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China / Top Stories

Warning against graft, lust for gold renewed

By Reuters (China Daily) Updated: 2016-04-09 07:45

China's sports establishment must learn the lessons from a corruption scandal involving a former deputy sports minister, continue to root out graft and curb a win-at-all costs mentality, the country's top graft-buster said on Friday.

Corruption in international athletics has been in the spotlight due to US and Swiss probes into the soccer's world governing body, FIFA, as well as doping scandals that have rocked tennis and other sports.

China, which is aggressively seeking to stamp out graft in the Party and government ranks, has also sought to eject corrupt elements from its sports establishment, particularly within soccer, which has been hit by match-fixing scandals.

China was hit by two new sports graft scandals last year, with a probe of deputy sports minister Xiao Tian, who sat on China's Olympic Committee, and another into the country's then-volleyball chief.

In a statement released following a meeting on learning the lessons from Xiao's case, the CPC Central Commission for Discipline Inspection said the sports sector needed to do more to tackle graft and not rest on its laurels.

"At the same time as fully affirming successes, we must clearly recognize the many challenges facing the development of our sports industry, and that the problems that exist should not be overlooked," said the commission's team based in the General Administration of Sport of China.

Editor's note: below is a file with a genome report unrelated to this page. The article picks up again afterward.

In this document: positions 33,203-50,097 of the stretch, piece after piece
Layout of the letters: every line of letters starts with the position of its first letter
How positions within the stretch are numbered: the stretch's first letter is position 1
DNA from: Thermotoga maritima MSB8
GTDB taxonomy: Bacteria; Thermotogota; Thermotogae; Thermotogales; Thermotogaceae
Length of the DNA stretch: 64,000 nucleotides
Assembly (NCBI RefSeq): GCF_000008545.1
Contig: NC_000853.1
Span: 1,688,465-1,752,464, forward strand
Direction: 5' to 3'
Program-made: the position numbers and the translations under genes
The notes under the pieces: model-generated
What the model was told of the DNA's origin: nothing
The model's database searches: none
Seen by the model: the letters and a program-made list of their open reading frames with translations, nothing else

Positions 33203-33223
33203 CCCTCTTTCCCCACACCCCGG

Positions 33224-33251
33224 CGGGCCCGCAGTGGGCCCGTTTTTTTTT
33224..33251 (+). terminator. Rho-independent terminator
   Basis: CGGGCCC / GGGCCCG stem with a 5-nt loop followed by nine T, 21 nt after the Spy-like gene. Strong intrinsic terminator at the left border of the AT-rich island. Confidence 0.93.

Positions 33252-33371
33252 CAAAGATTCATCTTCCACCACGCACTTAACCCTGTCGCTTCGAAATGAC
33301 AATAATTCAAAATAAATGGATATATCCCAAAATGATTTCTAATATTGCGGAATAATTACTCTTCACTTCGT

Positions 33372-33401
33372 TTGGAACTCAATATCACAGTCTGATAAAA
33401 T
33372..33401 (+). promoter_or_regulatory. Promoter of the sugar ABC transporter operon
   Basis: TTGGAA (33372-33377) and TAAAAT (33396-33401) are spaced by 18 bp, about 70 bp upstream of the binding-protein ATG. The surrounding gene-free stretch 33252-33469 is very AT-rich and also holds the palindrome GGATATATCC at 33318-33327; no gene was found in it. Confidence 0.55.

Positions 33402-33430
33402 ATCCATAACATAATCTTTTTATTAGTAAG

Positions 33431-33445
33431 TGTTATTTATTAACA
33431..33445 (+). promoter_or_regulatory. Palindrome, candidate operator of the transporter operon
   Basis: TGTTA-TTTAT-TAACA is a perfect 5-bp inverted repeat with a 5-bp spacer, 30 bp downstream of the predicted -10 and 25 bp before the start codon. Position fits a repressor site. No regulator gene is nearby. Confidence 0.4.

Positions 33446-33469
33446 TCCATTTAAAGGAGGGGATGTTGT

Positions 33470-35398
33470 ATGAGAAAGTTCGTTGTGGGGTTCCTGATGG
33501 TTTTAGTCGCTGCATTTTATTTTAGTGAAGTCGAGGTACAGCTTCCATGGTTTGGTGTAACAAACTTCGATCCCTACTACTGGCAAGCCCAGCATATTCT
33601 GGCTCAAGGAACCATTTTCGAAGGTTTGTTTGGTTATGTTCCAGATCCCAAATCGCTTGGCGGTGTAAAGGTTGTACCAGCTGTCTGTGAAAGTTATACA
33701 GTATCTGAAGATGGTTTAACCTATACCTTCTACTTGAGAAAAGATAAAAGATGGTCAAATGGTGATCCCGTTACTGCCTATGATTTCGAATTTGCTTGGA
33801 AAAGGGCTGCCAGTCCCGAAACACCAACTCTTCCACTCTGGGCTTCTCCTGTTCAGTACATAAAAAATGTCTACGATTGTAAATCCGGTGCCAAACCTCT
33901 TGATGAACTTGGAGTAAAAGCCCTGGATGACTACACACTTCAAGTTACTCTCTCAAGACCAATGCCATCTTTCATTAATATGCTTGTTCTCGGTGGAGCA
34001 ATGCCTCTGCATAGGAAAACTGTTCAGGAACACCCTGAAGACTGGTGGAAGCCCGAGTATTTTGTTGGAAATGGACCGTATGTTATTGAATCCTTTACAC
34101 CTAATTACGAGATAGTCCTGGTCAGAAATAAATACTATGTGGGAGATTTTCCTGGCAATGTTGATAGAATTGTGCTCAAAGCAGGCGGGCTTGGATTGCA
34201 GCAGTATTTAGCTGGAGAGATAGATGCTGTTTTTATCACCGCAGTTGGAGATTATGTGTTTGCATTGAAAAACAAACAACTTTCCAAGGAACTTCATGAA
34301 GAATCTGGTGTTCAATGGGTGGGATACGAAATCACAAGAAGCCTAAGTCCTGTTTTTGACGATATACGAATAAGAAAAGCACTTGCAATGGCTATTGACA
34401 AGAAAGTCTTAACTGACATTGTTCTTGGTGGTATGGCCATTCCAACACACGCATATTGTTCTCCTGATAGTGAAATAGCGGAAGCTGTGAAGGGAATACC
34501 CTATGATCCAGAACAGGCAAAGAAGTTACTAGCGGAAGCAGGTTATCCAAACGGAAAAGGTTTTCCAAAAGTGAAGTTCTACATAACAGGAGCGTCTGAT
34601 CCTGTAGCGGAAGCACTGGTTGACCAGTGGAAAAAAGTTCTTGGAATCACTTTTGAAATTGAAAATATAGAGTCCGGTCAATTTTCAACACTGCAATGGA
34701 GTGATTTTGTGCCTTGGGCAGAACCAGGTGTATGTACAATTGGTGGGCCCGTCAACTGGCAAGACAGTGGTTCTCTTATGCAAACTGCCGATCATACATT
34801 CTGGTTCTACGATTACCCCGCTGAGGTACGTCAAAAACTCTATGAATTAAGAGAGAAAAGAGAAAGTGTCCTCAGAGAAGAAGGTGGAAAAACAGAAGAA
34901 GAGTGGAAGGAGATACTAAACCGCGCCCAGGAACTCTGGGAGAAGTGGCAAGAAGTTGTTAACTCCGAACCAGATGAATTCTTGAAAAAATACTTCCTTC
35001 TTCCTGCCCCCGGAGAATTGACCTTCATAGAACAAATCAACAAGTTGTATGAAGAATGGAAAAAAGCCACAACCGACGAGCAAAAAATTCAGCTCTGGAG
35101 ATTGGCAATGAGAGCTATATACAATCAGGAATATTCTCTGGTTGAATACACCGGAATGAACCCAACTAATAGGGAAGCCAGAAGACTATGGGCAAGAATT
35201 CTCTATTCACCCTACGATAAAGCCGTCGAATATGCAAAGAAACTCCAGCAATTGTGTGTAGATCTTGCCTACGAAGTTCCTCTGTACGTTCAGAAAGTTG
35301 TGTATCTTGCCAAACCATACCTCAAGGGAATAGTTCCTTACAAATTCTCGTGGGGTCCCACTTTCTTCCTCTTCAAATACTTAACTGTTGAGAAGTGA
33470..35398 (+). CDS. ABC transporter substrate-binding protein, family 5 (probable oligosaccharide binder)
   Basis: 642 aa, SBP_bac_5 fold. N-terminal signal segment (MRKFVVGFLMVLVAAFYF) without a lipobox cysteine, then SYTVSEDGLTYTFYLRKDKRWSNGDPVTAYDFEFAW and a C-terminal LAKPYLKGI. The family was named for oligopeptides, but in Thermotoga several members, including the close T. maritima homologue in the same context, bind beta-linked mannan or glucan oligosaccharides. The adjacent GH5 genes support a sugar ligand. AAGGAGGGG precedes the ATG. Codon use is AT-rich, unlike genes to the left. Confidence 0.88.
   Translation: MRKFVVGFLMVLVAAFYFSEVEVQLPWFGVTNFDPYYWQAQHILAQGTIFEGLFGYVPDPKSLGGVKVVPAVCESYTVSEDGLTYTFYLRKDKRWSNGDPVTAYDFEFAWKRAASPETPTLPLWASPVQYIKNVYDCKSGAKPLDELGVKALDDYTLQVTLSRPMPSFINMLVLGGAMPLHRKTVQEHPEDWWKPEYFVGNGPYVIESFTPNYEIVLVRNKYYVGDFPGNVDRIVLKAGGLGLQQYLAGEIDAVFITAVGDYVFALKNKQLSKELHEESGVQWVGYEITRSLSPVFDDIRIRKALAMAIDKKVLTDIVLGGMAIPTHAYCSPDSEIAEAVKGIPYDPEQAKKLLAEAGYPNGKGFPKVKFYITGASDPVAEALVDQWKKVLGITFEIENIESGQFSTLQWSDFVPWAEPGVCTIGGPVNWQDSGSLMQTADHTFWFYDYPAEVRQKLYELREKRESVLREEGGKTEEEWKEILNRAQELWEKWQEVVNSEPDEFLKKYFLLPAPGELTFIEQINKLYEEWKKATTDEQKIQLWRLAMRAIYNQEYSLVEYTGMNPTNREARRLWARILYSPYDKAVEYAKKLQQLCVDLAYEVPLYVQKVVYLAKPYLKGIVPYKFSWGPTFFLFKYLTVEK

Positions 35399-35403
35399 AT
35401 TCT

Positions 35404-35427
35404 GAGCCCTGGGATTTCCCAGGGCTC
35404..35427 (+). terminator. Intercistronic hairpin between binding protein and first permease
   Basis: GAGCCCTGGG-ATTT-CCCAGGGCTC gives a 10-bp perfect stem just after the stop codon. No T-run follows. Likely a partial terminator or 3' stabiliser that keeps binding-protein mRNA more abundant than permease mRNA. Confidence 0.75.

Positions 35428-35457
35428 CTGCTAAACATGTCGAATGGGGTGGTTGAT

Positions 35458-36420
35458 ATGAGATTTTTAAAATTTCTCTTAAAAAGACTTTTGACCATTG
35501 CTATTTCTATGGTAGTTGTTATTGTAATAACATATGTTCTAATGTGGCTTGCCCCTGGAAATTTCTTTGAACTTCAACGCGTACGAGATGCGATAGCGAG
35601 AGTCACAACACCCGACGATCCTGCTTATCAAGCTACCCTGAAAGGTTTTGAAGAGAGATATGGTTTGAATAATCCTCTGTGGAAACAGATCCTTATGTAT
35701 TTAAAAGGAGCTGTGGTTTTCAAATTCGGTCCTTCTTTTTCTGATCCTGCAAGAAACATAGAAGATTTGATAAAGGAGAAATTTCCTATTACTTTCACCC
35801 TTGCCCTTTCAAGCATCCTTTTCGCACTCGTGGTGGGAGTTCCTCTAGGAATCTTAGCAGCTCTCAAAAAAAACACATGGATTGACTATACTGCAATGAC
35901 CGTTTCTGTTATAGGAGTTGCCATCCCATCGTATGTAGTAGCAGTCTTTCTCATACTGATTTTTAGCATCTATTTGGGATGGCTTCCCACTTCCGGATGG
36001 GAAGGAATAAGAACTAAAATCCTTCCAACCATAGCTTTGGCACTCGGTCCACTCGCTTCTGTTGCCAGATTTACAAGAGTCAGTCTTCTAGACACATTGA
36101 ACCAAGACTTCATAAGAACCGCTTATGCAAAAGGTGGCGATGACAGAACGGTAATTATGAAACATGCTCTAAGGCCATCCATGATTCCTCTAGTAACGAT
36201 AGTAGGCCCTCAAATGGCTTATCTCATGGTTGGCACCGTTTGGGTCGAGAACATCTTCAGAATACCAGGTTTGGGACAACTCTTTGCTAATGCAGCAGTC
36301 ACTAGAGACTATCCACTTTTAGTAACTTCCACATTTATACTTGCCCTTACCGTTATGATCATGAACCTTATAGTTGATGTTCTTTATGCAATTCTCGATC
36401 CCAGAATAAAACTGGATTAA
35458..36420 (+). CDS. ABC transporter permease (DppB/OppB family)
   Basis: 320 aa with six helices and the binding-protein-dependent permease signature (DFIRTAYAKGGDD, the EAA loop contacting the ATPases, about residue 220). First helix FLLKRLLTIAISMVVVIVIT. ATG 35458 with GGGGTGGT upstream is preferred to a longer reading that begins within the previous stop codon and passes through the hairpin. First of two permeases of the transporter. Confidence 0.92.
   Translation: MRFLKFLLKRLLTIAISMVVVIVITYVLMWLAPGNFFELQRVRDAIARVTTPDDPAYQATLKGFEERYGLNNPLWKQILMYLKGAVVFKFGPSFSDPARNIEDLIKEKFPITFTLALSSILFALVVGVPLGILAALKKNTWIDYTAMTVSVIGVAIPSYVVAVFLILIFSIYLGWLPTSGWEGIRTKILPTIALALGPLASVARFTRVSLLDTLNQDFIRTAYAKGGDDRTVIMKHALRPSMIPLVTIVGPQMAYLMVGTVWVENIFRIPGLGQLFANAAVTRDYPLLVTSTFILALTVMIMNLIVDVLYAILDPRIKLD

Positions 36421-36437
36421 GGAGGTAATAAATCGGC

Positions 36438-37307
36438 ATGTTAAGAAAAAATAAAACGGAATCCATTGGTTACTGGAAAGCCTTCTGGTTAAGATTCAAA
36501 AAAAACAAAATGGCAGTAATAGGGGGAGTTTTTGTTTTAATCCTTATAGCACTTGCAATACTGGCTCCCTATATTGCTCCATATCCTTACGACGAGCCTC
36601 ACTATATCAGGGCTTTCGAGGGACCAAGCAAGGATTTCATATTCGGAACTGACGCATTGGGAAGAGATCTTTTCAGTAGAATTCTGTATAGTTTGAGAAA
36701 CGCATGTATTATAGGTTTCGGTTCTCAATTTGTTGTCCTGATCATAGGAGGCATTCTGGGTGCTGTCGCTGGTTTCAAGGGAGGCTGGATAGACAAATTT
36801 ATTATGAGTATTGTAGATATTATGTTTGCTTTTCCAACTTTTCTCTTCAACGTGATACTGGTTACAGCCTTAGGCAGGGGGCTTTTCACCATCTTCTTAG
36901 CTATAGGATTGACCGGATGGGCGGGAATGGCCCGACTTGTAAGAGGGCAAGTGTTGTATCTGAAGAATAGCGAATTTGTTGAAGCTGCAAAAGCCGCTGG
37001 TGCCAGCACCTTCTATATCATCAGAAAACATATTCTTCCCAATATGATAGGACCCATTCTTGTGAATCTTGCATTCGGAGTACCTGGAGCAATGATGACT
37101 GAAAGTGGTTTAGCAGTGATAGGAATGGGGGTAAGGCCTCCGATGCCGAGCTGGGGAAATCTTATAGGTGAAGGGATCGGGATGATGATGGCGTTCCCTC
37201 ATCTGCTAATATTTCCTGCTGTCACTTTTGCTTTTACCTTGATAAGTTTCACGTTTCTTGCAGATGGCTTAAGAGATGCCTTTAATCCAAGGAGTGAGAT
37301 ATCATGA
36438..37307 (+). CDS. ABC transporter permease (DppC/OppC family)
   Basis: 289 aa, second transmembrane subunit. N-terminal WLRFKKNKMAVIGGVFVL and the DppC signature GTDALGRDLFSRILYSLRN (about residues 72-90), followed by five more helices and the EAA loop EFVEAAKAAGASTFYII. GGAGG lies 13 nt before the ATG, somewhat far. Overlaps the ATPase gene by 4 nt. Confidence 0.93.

"Put effort into resolving all the problems that come from putting the winning of gold above all else, which distorts the spirit of sports," it said.

Liu Peng, head of the sports administration, warned last year that China had to abandon its obsession with gold medals if it wanted to weed out corruption.

Chinese athletes bagged the most gold medals at the 2008 Beijing Olympics, a feat accompanied by a wave of national pride and the culmination of China's "100 year dream" to host the world's most prestigious sporting event.

At the London Olympics four years later, China came in second to the United States in the medals table.

Beijing, along with the neighboring city of Zhangjiakou, will host the 2022 Winter Olympics.

Last month, President Xi Jinping said China must hold a Winter Olympics that is "clean as the snow", in an indirect reference to the scandals with Xiao and another former top official linked to the Olympics bid.

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